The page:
Putting safety first
Well, the long weekend is over … and let’s hope it was a safe one for you and your family.
For many it was a chance to hit the highways, trails, forests and waterways and get into a party mood as summer draws ever closer.
And why not? After winter’s icy misery, after months of skidpan conditions on roads, paths and sidewalks, everyone deserves a few days of recreation.
Let’s take advantage of the spring weather, go camping, fire up the barbeque, down a few beers and have a blast for a few days – it’s an understandable mindset at this time of year.
Yet too often this headlong rush for a good time causes commonsense to go AWOL and a devil-may-care attitude to prevail.
Too often drivers drop their guard by speeding and becoming overly aggressive, too often they get distracted by cellphone conversations, ignore seatbelt compliance, become slipshod about the mechanical safety of vehicles and trailers or fail to slow down and move over when passing an emergency vehicle on the shoulder of the road. Too often they drink and drive.
We can only hope that people returned home and to workplaces with anecdotes and memories of family get-togethers, great entertainment and adventures.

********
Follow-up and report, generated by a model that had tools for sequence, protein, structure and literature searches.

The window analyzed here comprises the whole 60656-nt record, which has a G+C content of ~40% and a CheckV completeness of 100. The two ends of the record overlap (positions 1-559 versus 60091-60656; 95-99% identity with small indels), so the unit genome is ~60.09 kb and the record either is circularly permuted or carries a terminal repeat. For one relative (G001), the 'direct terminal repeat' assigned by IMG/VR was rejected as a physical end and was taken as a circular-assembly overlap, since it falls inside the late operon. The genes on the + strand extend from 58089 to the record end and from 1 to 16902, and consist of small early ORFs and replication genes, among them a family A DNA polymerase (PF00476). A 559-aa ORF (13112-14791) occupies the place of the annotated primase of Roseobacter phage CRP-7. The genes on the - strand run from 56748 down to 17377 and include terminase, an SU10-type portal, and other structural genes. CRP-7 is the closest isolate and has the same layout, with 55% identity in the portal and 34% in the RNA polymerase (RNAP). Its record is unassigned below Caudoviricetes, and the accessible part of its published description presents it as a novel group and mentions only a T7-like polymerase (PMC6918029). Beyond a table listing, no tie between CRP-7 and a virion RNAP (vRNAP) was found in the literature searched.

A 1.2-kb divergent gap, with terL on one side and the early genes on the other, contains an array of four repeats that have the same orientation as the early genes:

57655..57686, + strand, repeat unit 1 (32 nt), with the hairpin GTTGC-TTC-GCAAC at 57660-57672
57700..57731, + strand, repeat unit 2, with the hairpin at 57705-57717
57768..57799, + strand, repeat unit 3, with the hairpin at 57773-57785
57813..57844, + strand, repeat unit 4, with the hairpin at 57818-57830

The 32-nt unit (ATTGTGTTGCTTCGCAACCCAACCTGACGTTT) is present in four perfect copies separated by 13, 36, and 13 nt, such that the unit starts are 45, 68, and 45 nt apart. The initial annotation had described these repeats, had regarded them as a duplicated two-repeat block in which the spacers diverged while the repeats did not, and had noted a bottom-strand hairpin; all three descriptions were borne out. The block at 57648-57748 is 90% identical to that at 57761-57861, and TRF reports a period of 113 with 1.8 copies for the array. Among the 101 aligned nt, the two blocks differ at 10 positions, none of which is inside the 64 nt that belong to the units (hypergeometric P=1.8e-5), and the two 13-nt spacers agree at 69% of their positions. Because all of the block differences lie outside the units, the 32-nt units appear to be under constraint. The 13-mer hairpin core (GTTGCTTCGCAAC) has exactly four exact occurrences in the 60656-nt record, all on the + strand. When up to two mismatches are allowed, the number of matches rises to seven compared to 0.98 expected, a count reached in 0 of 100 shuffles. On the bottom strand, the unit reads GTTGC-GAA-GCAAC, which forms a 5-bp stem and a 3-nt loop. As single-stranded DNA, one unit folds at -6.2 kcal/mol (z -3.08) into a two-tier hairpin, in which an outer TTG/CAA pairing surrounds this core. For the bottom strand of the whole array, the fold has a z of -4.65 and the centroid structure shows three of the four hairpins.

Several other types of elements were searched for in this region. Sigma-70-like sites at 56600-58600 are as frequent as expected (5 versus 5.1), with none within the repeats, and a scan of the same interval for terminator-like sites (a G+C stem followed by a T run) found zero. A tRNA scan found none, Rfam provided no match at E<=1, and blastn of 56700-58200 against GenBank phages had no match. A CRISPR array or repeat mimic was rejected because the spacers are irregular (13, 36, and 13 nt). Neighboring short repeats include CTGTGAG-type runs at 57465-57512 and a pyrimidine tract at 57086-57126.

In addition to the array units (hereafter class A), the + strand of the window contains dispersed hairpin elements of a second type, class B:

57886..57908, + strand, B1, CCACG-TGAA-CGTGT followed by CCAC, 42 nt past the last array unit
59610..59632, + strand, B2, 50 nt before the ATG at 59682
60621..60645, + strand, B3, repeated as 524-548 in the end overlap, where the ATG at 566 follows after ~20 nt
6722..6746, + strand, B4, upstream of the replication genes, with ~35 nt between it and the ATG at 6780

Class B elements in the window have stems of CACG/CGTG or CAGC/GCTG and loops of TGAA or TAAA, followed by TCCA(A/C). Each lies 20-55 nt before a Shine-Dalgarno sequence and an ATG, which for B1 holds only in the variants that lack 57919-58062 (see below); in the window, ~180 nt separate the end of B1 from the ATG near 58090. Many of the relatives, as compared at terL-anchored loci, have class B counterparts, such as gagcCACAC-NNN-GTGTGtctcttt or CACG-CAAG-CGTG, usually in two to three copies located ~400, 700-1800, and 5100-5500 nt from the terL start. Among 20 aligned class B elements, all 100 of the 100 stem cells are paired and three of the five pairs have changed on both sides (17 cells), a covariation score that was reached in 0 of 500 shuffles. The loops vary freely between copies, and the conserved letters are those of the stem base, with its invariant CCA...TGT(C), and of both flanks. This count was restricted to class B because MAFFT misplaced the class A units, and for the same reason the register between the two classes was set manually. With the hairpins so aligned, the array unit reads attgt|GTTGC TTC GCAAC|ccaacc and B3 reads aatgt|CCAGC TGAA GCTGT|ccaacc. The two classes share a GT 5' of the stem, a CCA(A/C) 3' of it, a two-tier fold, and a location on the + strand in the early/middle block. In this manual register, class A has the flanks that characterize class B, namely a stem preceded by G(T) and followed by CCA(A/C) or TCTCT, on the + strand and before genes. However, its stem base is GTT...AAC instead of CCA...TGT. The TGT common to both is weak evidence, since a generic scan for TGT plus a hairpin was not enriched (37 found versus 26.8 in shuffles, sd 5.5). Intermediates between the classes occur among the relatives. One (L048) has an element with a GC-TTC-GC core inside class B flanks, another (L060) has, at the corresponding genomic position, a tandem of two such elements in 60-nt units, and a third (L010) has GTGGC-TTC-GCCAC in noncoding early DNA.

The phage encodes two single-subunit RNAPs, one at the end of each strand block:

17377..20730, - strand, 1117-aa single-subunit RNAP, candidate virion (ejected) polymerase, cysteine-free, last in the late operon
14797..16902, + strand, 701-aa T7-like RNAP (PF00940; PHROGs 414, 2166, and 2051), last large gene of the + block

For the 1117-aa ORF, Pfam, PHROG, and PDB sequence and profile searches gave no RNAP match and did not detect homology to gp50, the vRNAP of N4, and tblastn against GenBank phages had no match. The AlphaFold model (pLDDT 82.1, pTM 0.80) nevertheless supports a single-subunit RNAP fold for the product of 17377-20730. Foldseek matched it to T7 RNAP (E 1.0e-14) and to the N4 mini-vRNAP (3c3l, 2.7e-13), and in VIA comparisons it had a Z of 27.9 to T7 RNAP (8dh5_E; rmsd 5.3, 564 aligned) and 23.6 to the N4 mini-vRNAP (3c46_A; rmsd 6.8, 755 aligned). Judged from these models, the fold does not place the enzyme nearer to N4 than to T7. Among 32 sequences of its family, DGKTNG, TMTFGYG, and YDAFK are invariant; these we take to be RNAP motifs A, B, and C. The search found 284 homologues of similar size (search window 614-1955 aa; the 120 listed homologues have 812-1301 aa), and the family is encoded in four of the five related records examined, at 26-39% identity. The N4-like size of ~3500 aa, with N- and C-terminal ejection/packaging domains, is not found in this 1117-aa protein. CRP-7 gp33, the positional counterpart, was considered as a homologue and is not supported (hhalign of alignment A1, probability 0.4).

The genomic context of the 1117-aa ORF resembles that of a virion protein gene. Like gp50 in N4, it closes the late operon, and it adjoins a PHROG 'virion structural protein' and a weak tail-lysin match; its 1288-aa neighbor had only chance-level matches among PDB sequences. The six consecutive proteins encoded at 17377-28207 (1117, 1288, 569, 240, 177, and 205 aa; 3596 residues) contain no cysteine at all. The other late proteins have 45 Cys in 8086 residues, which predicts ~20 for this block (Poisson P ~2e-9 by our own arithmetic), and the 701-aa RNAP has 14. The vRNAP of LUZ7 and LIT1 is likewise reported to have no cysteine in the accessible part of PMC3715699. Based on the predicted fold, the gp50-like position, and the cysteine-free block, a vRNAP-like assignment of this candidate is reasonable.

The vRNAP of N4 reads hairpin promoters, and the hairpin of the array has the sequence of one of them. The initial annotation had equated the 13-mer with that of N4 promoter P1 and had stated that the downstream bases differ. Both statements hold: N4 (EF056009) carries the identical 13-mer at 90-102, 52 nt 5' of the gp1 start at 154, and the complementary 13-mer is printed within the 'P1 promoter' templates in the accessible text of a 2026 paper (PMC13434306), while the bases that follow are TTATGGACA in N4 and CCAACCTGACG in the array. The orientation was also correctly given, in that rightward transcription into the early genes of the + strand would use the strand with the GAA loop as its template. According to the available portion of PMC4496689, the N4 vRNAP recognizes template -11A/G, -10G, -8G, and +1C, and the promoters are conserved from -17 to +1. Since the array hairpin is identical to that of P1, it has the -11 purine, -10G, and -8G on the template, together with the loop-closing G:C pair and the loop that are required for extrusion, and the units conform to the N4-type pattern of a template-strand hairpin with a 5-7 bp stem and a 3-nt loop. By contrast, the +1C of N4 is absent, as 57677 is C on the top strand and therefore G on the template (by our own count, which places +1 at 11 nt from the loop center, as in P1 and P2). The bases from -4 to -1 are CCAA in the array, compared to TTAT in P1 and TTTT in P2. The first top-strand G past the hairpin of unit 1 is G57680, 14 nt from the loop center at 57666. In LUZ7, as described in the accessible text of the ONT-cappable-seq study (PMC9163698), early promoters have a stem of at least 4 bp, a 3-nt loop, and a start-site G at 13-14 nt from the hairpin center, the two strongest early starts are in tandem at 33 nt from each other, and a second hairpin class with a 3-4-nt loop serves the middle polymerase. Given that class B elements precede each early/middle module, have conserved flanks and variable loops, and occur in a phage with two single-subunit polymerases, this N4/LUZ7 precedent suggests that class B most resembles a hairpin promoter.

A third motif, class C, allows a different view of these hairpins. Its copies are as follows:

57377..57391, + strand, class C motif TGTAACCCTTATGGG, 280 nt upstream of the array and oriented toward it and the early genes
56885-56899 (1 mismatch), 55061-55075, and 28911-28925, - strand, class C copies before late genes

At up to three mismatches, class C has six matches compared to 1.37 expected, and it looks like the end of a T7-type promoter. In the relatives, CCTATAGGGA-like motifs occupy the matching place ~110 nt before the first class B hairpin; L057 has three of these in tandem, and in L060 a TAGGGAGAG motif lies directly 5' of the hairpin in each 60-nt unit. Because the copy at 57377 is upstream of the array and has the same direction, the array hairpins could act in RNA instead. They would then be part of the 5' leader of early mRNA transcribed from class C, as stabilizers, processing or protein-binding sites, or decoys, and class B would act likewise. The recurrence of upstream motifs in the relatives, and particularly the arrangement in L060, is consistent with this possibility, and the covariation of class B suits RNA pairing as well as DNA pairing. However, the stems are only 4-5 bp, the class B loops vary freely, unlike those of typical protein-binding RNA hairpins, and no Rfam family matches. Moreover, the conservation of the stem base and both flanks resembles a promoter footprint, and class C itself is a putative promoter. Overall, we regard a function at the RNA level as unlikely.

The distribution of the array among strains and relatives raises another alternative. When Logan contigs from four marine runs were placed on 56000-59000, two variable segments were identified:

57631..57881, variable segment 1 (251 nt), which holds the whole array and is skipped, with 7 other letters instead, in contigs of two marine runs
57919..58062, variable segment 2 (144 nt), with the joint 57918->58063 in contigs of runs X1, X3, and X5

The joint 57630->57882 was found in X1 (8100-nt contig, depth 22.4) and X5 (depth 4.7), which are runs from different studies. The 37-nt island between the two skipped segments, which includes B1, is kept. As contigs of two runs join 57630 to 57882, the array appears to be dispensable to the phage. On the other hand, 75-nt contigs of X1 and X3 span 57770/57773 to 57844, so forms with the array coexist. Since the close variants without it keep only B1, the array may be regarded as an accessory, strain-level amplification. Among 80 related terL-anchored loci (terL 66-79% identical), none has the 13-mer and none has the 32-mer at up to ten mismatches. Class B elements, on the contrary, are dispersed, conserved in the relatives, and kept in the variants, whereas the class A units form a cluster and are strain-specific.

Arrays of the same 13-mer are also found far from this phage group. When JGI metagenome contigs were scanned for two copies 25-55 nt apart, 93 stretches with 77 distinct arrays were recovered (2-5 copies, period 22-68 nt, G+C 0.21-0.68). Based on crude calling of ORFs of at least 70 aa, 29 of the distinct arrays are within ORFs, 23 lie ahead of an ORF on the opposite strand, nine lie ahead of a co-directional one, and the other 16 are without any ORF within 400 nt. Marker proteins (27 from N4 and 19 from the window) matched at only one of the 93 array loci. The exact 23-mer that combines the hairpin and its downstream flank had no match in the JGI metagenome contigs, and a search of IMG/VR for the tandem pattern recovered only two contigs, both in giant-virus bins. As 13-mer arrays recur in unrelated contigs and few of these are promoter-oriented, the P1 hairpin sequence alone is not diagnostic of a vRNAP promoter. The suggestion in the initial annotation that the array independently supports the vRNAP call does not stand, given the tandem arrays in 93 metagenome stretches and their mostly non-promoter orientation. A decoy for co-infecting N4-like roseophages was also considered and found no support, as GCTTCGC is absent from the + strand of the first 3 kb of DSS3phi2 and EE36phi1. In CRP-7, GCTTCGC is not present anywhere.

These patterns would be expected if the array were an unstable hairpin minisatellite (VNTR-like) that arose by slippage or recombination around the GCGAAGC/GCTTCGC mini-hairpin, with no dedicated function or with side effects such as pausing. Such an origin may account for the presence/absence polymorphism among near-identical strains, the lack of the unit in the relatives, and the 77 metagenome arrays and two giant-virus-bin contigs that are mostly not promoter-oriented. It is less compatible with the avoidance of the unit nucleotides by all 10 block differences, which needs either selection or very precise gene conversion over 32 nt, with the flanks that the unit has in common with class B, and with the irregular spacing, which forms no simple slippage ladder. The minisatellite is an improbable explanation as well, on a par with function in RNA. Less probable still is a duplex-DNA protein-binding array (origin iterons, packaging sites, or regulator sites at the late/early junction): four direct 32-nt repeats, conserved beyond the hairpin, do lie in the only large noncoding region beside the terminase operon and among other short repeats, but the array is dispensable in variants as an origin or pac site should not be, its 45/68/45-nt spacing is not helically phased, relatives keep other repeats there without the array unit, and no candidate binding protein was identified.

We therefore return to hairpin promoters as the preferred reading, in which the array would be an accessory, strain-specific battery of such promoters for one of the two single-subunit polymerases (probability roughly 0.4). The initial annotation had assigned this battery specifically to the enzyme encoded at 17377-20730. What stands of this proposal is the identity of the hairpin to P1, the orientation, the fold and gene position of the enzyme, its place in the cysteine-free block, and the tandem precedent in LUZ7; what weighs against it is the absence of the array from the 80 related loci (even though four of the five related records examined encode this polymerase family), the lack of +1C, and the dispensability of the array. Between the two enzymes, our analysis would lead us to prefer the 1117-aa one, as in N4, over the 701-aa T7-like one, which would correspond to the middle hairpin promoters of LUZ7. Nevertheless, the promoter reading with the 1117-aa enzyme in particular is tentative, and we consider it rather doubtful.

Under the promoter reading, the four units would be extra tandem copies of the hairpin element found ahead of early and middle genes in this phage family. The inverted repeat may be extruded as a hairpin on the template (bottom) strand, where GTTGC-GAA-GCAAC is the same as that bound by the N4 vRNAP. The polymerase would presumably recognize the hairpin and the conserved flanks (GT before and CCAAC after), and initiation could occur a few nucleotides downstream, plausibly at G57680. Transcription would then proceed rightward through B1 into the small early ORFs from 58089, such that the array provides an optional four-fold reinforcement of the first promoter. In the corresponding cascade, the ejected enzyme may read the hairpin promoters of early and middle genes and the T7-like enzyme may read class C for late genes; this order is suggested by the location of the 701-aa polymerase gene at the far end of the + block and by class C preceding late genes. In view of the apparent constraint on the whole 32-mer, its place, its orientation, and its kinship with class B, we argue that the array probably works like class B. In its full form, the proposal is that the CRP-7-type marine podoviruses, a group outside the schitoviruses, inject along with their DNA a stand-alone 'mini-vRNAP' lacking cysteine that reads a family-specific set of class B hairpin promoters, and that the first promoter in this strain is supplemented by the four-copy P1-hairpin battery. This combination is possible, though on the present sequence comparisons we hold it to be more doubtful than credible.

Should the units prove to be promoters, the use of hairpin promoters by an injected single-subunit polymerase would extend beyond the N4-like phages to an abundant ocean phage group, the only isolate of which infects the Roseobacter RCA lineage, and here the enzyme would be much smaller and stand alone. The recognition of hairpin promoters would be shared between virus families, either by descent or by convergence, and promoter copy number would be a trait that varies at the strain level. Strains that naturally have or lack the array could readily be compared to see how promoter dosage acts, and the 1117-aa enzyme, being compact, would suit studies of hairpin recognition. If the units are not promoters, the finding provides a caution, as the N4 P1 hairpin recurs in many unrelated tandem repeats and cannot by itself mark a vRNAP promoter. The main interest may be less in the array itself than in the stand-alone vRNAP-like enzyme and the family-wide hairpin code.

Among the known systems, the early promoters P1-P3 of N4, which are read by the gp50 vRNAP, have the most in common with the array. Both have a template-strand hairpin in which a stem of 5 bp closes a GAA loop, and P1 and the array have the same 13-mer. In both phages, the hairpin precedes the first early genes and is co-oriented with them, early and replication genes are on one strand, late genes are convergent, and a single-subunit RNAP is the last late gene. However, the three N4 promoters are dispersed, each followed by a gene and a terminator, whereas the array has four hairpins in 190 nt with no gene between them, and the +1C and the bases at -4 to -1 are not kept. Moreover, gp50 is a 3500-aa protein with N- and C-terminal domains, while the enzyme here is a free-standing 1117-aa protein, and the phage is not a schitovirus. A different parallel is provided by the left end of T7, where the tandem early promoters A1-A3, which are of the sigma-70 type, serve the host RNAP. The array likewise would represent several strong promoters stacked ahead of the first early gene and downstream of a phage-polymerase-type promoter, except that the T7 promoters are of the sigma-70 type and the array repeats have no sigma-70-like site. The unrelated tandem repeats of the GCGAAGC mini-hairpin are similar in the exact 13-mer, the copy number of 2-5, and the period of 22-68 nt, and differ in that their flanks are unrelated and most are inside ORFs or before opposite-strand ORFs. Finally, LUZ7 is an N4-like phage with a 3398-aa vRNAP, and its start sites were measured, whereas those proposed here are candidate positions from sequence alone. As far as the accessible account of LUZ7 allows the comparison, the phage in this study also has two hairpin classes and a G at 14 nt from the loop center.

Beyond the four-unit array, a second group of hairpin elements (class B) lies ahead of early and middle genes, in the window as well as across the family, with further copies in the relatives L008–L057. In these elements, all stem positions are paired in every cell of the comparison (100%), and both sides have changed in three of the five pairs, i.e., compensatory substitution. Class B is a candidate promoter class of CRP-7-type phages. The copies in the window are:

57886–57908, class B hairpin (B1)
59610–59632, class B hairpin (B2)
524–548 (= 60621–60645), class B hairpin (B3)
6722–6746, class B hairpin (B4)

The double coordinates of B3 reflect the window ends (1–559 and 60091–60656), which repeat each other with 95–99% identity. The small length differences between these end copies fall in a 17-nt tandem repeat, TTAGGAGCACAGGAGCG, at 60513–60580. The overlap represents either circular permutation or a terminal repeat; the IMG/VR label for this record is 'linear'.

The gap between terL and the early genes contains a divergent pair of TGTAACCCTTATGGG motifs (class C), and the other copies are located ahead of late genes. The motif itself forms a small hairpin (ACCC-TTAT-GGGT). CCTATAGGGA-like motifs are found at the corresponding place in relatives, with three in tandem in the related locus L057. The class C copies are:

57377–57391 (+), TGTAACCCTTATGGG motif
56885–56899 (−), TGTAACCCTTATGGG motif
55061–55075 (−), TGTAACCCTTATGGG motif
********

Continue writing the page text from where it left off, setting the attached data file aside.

We hope the courts will not be filled in the coming days and weeks with people charged with May weekend offences. For those who do appear before a judge, the punishment will be a permanent reminder of folly. For the rest of us, there are also lessons.
While police and law enforcement personnel will probably be less visible now the weekend is over, everyone should remain vigilant, whether on highways or waterways. The safety message may get extra emphasis over the weekend, but it is just as applicable throughout the year.
There is a similar need for commonsense and safe practices among those who venture into the forests.
Last Tuesday, Barrhead County council imposed a fire ban in response to concern about dry and windy conditions.
The authority’s decision to suspend all fire permits, except those for heating and cooking, mirrored a sweeping provincial fire ban stretching across most of Alberta’s forested areas.
Later the provincial ban was lifted as rain and lower temperatures reduced the wildfire danger.
These developments coincided with the first anniversary of the Slave Lake wildfire that destroyed nearly 350 residences in the northern Alberta town.
Against the backdrop of this anniversary, it is hard to fathom that people will light fires, aware that winds are likely to pick up ash and embers and drop them on tinder dry areas.
But this is what has been happening.
Barrhead fire chief John Whittaker said he had spent the weekend dealing with fires started by such thoughtless behaviour.
As he spoke about 300 Alberta firefighters were attempting to contain three out-of-control blazes.
“Unfortunately, most of the wildfires we are fighting right now appear to be human-caused and therefore were 100 per cent preventable,” said Environment and Sustainable Resource Development Minister Diana McQueen.
As spring turns into summer and more people go camping, we can only hope commonsense prevails.
Cool heads are needed to prevent sparks from flying.
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